Facial Nerve Surgery in the Rat Model to Study Axonal Inhibition and Regeneration

JoVE Journal
Neuroscience

Your institution must subscribe to JoVE's Neuroscience section to access this content.

Fill out the form below to receive a free trial or learn more about access:

 

Summary

This protocol describes a reproducible approach to facial nerve surgery in the rat model, including descriptions of various inducible patterns of injury.

Cite this Article

Copy Citation | Download Citations | Reprints and Permissions

Ali, S. A., Stebbins, A. W., Hanks, J. E., Kupfer, R. A., Hogikyan, N. D., Feldman, E. L., Brenner, M. J. Facial Nerve Surgery in the Rat Model to Study Axonal Inhibition and Regeneration. J. Vis. Exp. (159), e59224, doi:10.3791/59224 (2020).

Abstract

This protocol describes consistent and reproducible methods to study axonal regeneration and inhibition in a rat facial nerve injury model. The facial nerve can be manipulated along its entire length, from its intracranial segment to its extratemporal course. There are three primary types of nerve injury used for the experimental study of regenerative properties: nerve crush, transection, and nerve gap. The range of possible interventions is vast, including surgical manipulation of the nerve, delivery of neuroactive reagents or cells, and either central or end-organ manipulations. Advantages of this model for studying nerve regeneration include simplicity, reproducibility, interspecies consistency, reliable survival rates of the rat, and an increased anatomic size relative to murine models. Its limitations involve a more limited genetic manipulation versus the mouse model and the superlative regenerative capability of the rat, such that the facial nerve scientist must carefully assess time points for recovery and whether to translate results to higher animals and human studies. The rat model for facial nerve injury allows for functional, electrophysiological, and histomorphometric parameters for the interpretation and comparison of nerve regeneration. It thereby boasts tremendous potential toward furthering the understanding and treatment of the devastating consequences of facial nerve injury in human patients.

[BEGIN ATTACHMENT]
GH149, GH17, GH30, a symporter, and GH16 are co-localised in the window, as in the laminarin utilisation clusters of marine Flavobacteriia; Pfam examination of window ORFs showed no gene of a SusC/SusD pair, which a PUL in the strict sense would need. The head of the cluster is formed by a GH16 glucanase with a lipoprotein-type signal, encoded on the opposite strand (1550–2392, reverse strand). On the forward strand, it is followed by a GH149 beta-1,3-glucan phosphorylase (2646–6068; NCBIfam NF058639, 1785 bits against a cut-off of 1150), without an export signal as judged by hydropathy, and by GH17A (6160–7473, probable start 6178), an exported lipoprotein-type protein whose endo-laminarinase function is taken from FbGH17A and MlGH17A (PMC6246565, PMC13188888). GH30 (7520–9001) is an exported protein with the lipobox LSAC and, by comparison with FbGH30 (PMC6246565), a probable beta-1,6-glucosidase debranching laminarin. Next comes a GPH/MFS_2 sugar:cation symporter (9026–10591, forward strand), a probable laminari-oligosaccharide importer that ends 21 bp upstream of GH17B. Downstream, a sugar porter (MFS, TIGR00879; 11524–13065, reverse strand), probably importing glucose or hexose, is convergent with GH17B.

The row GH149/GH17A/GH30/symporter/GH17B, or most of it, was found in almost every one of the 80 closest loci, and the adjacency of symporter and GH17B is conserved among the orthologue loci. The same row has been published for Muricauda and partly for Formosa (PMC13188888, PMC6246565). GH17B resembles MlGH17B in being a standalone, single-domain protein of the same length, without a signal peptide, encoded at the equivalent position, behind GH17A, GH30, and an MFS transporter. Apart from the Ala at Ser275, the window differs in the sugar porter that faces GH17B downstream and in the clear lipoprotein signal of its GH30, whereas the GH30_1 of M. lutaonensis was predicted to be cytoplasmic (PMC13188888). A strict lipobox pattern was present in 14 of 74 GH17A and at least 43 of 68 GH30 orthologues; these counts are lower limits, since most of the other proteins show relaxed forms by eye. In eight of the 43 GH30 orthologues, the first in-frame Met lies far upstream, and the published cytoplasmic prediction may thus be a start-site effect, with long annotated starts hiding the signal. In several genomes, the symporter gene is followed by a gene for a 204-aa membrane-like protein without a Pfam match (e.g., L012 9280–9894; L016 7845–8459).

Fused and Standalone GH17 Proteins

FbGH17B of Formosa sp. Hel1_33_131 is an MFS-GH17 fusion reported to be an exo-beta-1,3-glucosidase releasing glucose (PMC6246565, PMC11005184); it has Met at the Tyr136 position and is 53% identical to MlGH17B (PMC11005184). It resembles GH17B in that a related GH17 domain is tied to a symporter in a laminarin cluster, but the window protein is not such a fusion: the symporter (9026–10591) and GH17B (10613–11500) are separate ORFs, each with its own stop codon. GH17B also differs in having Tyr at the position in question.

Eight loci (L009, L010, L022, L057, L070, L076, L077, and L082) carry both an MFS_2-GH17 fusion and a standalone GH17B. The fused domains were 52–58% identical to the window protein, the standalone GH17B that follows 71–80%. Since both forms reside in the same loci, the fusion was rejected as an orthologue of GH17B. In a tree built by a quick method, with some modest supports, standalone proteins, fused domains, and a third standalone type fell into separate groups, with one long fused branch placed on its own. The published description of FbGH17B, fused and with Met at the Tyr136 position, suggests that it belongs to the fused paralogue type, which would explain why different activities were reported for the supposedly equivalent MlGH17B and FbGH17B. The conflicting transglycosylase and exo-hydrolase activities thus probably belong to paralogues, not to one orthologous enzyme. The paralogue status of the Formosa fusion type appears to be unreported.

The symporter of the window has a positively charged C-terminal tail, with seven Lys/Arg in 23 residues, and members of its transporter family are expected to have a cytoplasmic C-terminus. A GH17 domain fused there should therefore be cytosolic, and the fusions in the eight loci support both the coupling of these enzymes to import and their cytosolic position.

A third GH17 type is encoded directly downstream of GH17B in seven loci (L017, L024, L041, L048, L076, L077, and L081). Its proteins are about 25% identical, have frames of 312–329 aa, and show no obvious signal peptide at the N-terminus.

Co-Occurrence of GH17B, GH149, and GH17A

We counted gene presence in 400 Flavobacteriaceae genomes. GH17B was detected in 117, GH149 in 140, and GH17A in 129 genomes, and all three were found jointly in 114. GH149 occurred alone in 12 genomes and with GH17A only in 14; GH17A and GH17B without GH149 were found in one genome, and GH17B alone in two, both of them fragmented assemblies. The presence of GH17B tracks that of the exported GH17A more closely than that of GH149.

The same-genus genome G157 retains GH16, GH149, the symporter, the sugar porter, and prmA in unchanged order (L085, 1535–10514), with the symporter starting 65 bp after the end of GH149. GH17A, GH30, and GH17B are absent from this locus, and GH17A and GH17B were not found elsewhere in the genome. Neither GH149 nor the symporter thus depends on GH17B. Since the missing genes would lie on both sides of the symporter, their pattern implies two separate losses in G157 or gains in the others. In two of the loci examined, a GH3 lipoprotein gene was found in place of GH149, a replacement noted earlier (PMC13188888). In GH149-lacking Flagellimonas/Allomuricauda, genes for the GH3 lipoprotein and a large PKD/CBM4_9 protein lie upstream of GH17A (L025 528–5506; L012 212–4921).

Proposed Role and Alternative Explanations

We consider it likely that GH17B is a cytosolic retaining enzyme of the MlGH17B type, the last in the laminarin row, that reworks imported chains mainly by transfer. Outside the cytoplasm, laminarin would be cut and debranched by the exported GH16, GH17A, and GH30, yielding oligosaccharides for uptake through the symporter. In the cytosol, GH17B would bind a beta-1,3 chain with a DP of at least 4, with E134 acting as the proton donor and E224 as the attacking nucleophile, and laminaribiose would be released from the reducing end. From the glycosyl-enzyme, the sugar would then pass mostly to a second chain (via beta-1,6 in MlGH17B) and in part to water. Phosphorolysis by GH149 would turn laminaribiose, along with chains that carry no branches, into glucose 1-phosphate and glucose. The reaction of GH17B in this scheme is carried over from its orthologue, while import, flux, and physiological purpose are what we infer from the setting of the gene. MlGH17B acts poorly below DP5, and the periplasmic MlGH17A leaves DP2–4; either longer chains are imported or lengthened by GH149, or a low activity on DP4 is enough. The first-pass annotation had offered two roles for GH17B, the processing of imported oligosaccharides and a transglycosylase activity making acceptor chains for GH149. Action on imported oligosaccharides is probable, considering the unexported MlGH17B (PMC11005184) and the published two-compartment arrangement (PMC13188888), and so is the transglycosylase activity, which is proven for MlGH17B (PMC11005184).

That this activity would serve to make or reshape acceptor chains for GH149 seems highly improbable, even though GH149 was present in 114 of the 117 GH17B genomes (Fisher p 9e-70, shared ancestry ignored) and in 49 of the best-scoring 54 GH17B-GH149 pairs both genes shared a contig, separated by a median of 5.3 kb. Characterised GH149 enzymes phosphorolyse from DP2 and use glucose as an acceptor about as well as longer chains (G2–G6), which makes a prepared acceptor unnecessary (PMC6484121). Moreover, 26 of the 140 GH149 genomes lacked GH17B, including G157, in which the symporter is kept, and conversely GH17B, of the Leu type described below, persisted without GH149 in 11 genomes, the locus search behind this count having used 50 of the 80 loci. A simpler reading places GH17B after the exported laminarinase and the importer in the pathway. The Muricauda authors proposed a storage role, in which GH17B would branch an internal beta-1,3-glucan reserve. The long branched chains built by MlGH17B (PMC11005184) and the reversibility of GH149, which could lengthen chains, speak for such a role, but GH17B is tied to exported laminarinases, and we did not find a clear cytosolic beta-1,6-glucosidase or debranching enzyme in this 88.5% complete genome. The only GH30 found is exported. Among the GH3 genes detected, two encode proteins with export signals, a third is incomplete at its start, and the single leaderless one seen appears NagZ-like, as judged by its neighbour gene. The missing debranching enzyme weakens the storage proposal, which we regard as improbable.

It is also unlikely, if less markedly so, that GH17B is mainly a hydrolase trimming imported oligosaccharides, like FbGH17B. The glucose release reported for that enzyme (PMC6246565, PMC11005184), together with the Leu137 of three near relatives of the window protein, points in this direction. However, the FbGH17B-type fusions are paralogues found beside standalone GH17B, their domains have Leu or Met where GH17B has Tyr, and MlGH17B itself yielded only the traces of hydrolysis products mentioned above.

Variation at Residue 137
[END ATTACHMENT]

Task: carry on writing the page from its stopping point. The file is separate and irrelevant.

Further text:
Introduction

Cranial nerve injury in the head and neck region can be secondary to congenital, infectious, idiopathic, iatrogenic, traumatic, neurologic, oncologic, or systemic etiologies1. Cranial nerve VII, or the facial nerve, is commonly affected. The incidence of facial nerve dysfunction can be significant, as it affects 20 to 30 per 100,000 people each year2. The main motor branches of the facial nerve are the temporal, zygomatic, buccal, marginal mandibular, and cervical branches; depending on the branch involved, the consequences can include oral incompetence or drooling, corneal dryness, visual field obstruction secondary to ptosis, dysarthria, or facial asymmetry2,3. Long-term morbidity includes the phenomenon of synkinesis, or involuntary movement of one facial muscle group, with attempted voluntary contraction of a distinct facial muscle group. Ocular-oral synkinesis is the most common of the aberrant regeneration as a sequela of facial nerve injury and causes functional impairment, embarrassment, diminished self-esteem, and poor quality of life3. Injury to individual branches dictates the functions that are selectively compromised.

The clinical treatment of facial nerve injury is not well standardized and is in need of further research to improve outcomes. Steroids can alleviate acute facial nerve swelling, whereas Botox is useful for temporizing synkinetic movements; but, the primary reconstructive options in the practitioner's armamentarium involve surgical intervention through nerve repair, substitution, or reanimation3,4,5,6. Depending on the type of facial nerve injury sustained, the facial nerve surgeon may utilize a number of options. For simple transection, nerve reanastomosis is useful whereas cable-graft repair is better suited for a nerve defect; for a restoration of function, the surgeon may choose either static or dynamic facial reanimation procedures. In many cases of facial nerve injury and subsequent repair, even in the hands of experienced facial nerve surgeons, the best outcome still results in persistent facial asymmetry and functional compromise7.